One of the cool things about QatQi is that as letter tiles are being placed (and the word remains yellow–meaning not accepted), suggested words appear briefly where additional tiles can be placed. However, these suggested words aren’t always ones that can be spelled with the letter tiles currently available to you.  Another neat touch is the way the game tracks your stats. As a word is placed and points are tallied, statistics of your progress randomly flash on screen indicating how well you are doing compared to the rest of the people playing the game.

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Currently, QatQi does not use the iOS Gamecenter, but instead relies on internal leaderboards.  While I’m not exactly a fan of Gamecenter (and the minimal interactive features that it offers), I would love to see QatQi stats appear there instead of having to load up the game in order to compare my stats with someone on my friend list.  I say that because currently QatQi is a slow app to load.  I’m running it on a 4S and the game takes longer than I’d expect (given that it is simply a word puzzle game).  I’m not sure if that’s because it is making a call back to ZWorkbench to get the puzzle or if it is sending stats, but the game is slow in weird places.  Loading a game sends the menu away and the screen goes black for what feels like three to five seconds before the gameboard appears.  Initially I thought the game was hung up, but once I played several puzzles I found this behavior to happen each time.  Hopefully this minor lag in loading can be addressed in a future update.

QatQi is a wonderful game that every word puzzle fan needs to play. The way random letters draw in after a word is spelled combined with a random framing of the game board adds a level of strategy to the typical word game concept that is fresh and unique.  Use of undos builds on that strategic theme while placement of letter tiles on point multipliers is the cream cheese icing on the delicious word puzzle cake.  Even with some initial slow load times (which conceivably can be patched), QatQi is one hell of a fun game. Plus it’s free–go download it from iTunes right now!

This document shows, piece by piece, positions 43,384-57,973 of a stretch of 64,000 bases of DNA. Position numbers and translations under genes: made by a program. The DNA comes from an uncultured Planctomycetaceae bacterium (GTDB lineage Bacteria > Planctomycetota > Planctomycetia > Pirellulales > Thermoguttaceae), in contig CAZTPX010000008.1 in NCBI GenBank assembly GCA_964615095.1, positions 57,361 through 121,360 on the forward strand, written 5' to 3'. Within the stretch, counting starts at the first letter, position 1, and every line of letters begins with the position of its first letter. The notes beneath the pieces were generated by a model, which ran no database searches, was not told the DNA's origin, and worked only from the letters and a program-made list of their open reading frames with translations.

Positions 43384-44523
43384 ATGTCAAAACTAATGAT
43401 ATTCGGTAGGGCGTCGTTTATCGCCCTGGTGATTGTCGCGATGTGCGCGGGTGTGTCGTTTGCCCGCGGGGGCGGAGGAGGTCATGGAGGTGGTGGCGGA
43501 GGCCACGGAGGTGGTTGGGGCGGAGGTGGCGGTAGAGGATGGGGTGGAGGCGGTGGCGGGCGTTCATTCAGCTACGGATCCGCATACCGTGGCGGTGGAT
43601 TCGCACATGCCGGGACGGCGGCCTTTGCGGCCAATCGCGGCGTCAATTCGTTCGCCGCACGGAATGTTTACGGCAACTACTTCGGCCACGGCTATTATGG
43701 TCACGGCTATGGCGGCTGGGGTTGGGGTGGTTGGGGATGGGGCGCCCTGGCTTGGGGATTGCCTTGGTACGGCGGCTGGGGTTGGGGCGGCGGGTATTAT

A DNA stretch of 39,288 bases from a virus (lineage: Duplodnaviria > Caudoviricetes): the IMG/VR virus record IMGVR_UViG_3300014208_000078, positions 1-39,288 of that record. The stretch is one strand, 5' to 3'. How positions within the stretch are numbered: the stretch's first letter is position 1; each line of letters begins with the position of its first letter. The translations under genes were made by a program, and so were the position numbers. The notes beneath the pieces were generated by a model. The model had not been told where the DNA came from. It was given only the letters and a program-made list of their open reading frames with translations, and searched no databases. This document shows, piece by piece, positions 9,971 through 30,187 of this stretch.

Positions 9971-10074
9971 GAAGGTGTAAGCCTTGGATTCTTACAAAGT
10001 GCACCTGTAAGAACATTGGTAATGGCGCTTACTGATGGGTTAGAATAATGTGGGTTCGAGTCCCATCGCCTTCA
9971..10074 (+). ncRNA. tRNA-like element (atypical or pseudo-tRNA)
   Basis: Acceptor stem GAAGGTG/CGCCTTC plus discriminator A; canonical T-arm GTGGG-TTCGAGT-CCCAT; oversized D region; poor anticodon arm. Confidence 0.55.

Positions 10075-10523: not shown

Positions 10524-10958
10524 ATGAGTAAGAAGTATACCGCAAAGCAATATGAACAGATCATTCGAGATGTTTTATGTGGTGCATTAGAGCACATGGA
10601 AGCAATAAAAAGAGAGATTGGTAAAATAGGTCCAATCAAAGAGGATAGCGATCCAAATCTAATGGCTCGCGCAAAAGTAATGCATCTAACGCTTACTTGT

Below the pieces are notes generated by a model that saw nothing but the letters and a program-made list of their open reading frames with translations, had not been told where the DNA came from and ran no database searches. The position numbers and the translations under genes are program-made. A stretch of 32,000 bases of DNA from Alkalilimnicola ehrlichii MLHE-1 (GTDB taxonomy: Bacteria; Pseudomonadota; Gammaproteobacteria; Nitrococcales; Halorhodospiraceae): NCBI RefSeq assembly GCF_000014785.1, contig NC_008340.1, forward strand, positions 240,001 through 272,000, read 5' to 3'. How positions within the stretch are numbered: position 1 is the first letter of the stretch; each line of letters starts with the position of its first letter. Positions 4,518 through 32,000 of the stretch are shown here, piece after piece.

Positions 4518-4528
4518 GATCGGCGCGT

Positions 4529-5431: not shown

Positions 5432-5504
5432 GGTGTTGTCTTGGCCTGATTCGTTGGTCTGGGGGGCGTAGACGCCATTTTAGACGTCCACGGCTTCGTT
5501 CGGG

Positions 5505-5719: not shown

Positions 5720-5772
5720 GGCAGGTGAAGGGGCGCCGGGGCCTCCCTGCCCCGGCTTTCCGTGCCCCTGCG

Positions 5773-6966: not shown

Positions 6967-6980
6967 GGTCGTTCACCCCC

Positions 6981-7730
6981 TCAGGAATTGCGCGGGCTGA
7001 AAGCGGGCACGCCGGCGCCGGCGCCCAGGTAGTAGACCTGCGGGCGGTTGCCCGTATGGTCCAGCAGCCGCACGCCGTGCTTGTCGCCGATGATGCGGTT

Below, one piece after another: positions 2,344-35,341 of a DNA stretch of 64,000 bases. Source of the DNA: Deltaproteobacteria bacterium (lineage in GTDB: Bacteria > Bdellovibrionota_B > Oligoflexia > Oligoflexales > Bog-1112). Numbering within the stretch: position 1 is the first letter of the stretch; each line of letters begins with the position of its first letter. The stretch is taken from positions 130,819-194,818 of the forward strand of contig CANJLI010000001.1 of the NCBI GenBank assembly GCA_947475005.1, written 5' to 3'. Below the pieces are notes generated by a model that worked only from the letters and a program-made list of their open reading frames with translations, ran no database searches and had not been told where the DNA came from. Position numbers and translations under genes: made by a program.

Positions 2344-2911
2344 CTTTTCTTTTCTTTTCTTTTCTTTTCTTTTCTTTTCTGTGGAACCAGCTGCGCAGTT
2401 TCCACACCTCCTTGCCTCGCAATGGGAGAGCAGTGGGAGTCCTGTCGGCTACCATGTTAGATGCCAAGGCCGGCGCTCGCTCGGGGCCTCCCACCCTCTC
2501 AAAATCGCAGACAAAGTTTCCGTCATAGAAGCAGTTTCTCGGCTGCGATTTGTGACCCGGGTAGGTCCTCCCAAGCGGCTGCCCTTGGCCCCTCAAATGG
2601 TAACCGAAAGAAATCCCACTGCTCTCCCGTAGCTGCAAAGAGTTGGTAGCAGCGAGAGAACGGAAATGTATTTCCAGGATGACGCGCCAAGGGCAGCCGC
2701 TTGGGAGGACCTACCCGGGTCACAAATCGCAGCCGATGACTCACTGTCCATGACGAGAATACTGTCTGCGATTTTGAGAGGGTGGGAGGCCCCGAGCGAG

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Pros:
+ Unique visual design
+ Hundreds of puzzles
+ Deep strategy in letter placement
+ Tons of replay

Cons:
- Slow loading times
- No Gamecenter integration
- Puzzles later in the week can be brutally challenging

Game Info:
Platform: iOS
Publisher: ZWorkbench
Developer: ZWorkbench
Release Date: 11/15/2012
Genre: Word Puzzle
Age Rating: 4+
Players: 1
Source: Review code provided by publisher

About the Author

Tim has been playing video games for more than 20 years. He manages to find time to game in between raising three kids and working as a network administrator. Follow Tim on Twitter @freemantim.